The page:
247,59 €
Freedom
Freedom
247,59 €
  • Išsiųsime per 14–16 d.d.
For 15 years, Henri Bergson, the most important French philosopher of the early 20th-century, taught at the Collège de France. Speaking without notes, most of his classes are now lost to history, but records of a handful of courses fortuitously survived thanks to stenographic transcripts. Conveying Bergson's very voice, these extraordinary documents are finally presented here in English. The 1904-1905 lectures are dedicated to the topic of freedom, or as Bergson put it, "the evolution of the…
247.59
  • Autorius: Henri Bergson
  • Leidėjas:
  • ISBN-10: 1350029165
  • ISBN-13: 9781350029163
  • Formatas: 15.6 x 23.4 x 1.8 cm, kieti viršeliai
  • Kalba: Anglų

Freedom + nemokamas atvežimas! | Henri Bergson | knygos.lt

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For 15 years, Henri Bergson, the most important French philosopher of the early 20th-century, taught at the Collège de France. Speaking without notes, most of his classes are now lost to history, but records of a handful of courses fortuitously survived thanks to stenographic transcripts. Conveying Bergson's very voice, these extraordinary documents are finally presented here in English.

The 1904-1905 lectures are dedicated to the topic of freedom, or as Bergson put it, "the evolution of the problem of freedom." Building on the philosophy of freedom from his first book, Time and Free Will, he proposes that freedom is not only a fundamental human experience but characteristic of all life as such. By retracing how ancient and modern philosophers have dealt with the delicate question of freedom, Bergson demonstrates the necessity, and also the radically new character, of his own theory of freedom.

Bergson's lectures are a feast for many audiences. For philosophers, they give a fuller picture of his thought and contain deep reflections on many core topics in philosophy today, from the nature of time to the difference between brain and mind, the relation between memory and perception, and the vindication of freedom over determinism. For intellectual historians, the lectures are a treasure trove: as a slice of the living thought of a great thinker; as an extended analysis of the natural and human sciences of his day; and as a rich commentary on the history of ancient and modern philosophy. Finally, for cultural historians and literary scholars, the lectures were the cultural capital of Belle Époque France, consumed by elites and a vast educated public. They are also part of an exceedingly rare genre in modern philosophy: spoken, not written, lectures and expressed as a veritable stream of philosophical consciousness that is remarkably structured and analytically lucid.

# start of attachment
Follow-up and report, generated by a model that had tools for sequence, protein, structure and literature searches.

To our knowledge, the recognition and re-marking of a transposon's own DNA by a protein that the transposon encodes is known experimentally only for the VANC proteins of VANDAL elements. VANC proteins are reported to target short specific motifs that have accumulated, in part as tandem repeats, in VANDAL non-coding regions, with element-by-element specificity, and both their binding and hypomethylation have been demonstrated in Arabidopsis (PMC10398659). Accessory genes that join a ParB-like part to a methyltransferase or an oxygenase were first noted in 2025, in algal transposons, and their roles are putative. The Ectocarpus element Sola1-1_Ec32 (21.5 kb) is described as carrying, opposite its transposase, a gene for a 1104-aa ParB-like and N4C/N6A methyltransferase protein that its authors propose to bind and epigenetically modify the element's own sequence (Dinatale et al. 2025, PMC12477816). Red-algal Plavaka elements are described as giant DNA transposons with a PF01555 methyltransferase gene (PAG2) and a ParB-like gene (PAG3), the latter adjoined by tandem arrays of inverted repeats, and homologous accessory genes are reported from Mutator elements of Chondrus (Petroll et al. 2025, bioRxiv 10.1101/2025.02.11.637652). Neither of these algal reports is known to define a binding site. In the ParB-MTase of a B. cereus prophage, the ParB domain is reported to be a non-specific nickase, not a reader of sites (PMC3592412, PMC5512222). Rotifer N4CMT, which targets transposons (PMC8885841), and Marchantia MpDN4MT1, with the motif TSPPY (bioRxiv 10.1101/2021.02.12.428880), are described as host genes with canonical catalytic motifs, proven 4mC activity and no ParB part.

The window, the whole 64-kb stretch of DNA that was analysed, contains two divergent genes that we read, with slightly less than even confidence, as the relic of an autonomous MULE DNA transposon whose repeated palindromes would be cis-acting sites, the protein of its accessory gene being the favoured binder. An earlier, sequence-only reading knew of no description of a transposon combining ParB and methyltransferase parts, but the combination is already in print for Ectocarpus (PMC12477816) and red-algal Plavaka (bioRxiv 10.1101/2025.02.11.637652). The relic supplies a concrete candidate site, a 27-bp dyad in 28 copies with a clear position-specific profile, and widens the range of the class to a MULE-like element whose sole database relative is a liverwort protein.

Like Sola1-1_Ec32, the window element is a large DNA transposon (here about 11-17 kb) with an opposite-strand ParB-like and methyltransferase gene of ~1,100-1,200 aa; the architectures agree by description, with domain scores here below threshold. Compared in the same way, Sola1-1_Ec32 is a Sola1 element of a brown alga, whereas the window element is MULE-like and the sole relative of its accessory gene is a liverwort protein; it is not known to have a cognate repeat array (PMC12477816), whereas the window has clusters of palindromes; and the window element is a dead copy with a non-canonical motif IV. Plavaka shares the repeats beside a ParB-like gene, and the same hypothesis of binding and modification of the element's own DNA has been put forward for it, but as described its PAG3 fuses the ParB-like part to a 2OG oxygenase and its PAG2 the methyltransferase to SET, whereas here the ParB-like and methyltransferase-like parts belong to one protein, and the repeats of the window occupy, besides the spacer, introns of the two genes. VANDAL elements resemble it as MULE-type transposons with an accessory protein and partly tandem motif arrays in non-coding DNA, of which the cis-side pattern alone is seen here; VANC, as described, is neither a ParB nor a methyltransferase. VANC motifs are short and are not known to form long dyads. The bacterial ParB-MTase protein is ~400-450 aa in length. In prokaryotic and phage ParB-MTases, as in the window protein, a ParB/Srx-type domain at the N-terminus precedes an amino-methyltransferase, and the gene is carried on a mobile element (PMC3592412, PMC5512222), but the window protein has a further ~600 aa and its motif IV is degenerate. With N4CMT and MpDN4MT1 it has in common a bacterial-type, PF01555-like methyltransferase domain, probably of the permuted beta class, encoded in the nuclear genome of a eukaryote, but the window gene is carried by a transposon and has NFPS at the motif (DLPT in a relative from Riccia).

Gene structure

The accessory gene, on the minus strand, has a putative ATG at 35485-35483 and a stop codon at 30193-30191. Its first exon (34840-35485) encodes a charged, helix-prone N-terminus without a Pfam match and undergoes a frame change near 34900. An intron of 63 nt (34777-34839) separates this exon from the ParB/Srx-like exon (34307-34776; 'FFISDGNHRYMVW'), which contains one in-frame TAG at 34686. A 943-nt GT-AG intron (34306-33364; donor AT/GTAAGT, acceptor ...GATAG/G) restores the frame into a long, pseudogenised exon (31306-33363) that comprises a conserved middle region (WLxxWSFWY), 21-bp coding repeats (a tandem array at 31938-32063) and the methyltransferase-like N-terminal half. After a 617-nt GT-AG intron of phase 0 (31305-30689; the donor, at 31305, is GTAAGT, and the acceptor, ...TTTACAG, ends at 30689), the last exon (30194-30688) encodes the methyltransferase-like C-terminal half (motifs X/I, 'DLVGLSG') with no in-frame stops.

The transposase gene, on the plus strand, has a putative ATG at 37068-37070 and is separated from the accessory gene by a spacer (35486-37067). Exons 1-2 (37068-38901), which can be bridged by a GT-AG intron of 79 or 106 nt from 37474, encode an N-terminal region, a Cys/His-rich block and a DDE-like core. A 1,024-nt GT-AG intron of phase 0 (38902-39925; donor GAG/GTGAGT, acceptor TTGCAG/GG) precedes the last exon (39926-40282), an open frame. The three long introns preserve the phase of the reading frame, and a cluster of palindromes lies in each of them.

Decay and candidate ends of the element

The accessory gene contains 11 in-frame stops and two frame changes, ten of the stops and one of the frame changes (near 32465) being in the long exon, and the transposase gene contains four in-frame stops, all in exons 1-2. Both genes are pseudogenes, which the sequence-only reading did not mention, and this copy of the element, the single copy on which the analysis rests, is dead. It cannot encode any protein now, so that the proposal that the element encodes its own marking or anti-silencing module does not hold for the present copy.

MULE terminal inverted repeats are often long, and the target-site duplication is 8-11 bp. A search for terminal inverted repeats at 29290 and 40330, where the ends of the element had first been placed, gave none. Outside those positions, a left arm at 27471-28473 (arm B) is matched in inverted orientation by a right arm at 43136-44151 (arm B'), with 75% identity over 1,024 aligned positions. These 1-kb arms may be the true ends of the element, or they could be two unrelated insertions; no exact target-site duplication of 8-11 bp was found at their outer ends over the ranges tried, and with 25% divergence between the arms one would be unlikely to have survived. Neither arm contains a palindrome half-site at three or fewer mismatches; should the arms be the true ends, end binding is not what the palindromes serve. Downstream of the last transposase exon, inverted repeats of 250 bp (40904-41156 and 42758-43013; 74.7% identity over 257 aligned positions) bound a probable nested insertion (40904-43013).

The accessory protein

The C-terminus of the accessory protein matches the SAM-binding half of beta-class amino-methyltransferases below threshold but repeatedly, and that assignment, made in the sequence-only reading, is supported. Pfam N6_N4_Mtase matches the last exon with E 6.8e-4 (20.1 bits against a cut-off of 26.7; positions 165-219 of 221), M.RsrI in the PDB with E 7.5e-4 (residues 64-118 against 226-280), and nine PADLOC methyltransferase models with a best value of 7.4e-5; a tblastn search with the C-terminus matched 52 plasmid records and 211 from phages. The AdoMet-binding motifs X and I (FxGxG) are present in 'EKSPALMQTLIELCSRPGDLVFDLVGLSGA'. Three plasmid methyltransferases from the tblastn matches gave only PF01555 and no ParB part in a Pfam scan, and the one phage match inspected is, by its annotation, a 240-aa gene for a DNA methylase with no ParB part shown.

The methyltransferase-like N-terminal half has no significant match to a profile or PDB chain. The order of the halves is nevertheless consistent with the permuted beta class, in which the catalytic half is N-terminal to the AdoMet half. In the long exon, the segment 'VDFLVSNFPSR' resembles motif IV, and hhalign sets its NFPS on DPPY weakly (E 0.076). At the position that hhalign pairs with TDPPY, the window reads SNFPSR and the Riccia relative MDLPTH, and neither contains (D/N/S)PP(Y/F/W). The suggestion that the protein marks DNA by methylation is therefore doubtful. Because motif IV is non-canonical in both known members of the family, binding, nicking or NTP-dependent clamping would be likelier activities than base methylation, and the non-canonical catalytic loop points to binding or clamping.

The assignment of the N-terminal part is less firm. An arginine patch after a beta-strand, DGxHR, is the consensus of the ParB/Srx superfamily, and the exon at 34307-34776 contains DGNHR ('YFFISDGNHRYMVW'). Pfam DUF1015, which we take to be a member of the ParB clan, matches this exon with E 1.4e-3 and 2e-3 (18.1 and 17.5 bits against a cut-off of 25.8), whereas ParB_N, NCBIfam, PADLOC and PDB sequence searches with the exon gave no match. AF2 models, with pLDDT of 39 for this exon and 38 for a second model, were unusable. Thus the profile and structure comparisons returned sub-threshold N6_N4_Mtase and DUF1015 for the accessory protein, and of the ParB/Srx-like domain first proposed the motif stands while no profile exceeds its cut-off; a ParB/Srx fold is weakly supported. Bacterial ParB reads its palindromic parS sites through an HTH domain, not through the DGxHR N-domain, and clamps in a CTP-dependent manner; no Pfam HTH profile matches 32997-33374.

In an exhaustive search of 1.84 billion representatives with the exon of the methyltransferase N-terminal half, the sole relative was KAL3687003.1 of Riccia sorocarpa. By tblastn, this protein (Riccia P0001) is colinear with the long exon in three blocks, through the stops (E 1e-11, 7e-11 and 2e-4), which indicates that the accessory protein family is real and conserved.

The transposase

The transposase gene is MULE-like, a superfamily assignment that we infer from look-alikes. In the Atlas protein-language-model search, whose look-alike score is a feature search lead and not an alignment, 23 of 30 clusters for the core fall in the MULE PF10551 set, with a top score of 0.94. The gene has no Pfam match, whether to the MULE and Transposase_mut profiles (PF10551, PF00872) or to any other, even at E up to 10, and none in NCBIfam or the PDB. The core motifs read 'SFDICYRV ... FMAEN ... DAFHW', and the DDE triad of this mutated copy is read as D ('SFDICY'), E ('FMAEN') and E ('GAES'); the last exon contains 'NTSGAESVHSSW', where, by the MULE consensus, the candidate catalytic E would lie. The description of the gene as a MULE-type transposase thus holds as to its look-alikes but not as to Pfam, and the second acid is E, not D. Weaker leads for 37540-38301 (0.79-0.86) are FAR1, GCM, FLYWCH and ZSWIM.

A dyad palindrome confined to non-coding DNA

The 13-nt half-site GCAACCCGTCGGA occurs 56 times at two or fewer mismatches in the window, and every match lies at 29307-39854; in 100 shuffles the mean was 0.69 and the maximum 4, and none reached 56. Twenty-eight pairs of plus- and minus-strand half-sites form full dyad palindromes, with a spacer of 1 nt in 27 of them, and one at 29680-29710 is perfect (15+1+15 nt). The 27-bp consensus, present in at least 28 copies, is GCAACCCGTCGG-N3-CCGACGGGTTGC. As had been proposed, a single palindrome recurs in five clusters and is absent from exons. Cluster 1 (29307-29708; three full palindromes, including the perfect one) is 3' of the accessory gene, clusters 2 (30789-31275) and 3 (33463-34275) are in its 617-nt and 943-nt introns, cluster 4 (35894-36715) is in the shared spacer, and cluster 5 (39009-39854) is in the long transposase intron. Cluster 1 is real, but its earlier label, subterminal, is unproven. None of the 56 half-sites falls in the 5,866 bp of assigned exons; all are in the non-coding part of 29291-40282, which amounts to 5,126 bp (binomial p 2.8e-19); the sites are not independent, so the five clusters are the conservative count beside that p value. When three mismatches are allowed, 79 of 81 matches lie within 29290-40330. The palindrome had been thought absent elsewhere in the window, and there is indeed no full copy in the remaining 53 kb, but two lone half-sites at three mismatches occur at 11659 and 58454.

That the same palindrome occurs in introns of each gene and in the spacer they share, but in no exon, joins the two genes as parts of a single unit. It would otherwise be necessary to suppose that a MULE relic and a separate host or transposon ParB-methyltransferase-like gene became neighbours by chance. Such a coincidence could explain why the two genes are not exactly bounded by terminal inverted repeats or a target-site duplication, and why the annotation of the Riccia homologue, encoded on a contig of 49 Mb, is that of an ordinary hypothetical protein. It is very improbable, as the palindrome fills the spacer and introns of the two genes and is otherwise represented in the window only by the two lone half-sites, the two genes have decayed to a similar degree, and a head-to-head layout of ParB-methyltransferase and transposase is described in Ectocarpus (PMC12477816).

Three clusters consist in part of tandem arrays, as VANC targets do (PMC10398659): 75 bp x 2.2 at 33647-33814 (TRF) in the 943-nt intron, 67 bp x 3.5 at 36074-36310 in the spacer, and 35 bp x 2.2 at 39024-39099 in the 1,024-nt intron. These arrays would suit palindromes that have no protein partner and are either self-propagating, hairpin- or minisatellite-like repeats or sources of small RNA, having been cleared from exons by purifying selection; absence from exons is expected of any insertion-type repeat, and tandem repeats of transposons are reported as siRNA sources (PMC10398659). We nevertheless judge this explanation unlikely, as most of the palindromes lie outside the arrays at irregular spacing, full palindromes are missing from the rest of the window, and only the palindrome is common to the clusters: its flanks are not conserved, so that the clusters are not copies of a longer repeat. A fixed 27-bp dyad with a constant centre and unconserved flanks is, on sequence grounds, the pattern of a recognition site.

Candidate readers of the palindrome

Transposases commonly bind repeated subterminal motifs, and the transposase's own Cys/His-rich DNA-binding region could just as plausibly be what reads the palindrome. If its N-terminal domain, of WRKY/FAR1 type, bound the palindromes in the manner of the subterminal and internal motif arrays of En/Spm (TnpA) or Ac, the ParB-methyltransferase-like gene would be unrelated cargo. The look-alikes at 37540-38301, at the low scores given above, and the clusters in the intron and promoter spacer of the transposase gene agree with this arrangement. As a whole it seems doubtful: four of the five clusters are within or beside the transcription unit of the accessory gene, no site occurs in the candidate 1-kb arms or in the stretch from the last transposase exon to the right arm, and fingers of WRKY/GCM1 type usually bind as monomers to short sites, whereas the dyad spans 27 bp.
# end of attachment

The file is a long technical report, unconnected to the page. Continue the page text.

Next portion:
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247,59 € Nauja knyga
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For 15 years, Henri Bergson, the most important French philosopher of the early 20th-century, taught at the Collège de France. Speaking without notes, most of his classes are now lost to history, but records of a handful of courses fortuitously survived thanks to stenographic transcripts. Conveying Bergson's very voice, these extraordinary documents are finally presented here in English.

The 1904-1905 lectures are dedicated to the topic of freedom, or as Bergson put it, "the evolution of the problem of freedom." Building on the philosophy of freedom from his first book, Time and Free Will, he proposes that freedom is not only a fundamental human experience but characteristic of all life as such. By retracing how ancient and modern philosophers have dealt with the delicate question of freedom, Bergson demonstrates the necessity, and also the radically new character, of his own theory of freedom.

Bergson's lectures are a feast for many audiences. For philosophers, they give a fuller picture of his thought and contain deep reflections on many core topics in philosophy today, from the nature of time to the difference between brain and mind, the relation between memory and perception, and the vindication of freedom over determinism. For intellectual historians, the lectures are a treasure trove: as a slice of the living thought of a great thinker; as an extended analysis of the natural and human sciences of his day; and as a rich commentary on the history of ancient and modern philosophy. Finally, for cultural historians and literary scholars, the lectures were the cultural capital of Belle Époque France, consumed by elites and a vast educated public. They are also part of an exceedingly rare genre in modern philosophy: spoken, not written, lectures and expressed as a veritable stream of philosophical consciousness that is remarkably structured and analytically lucid.

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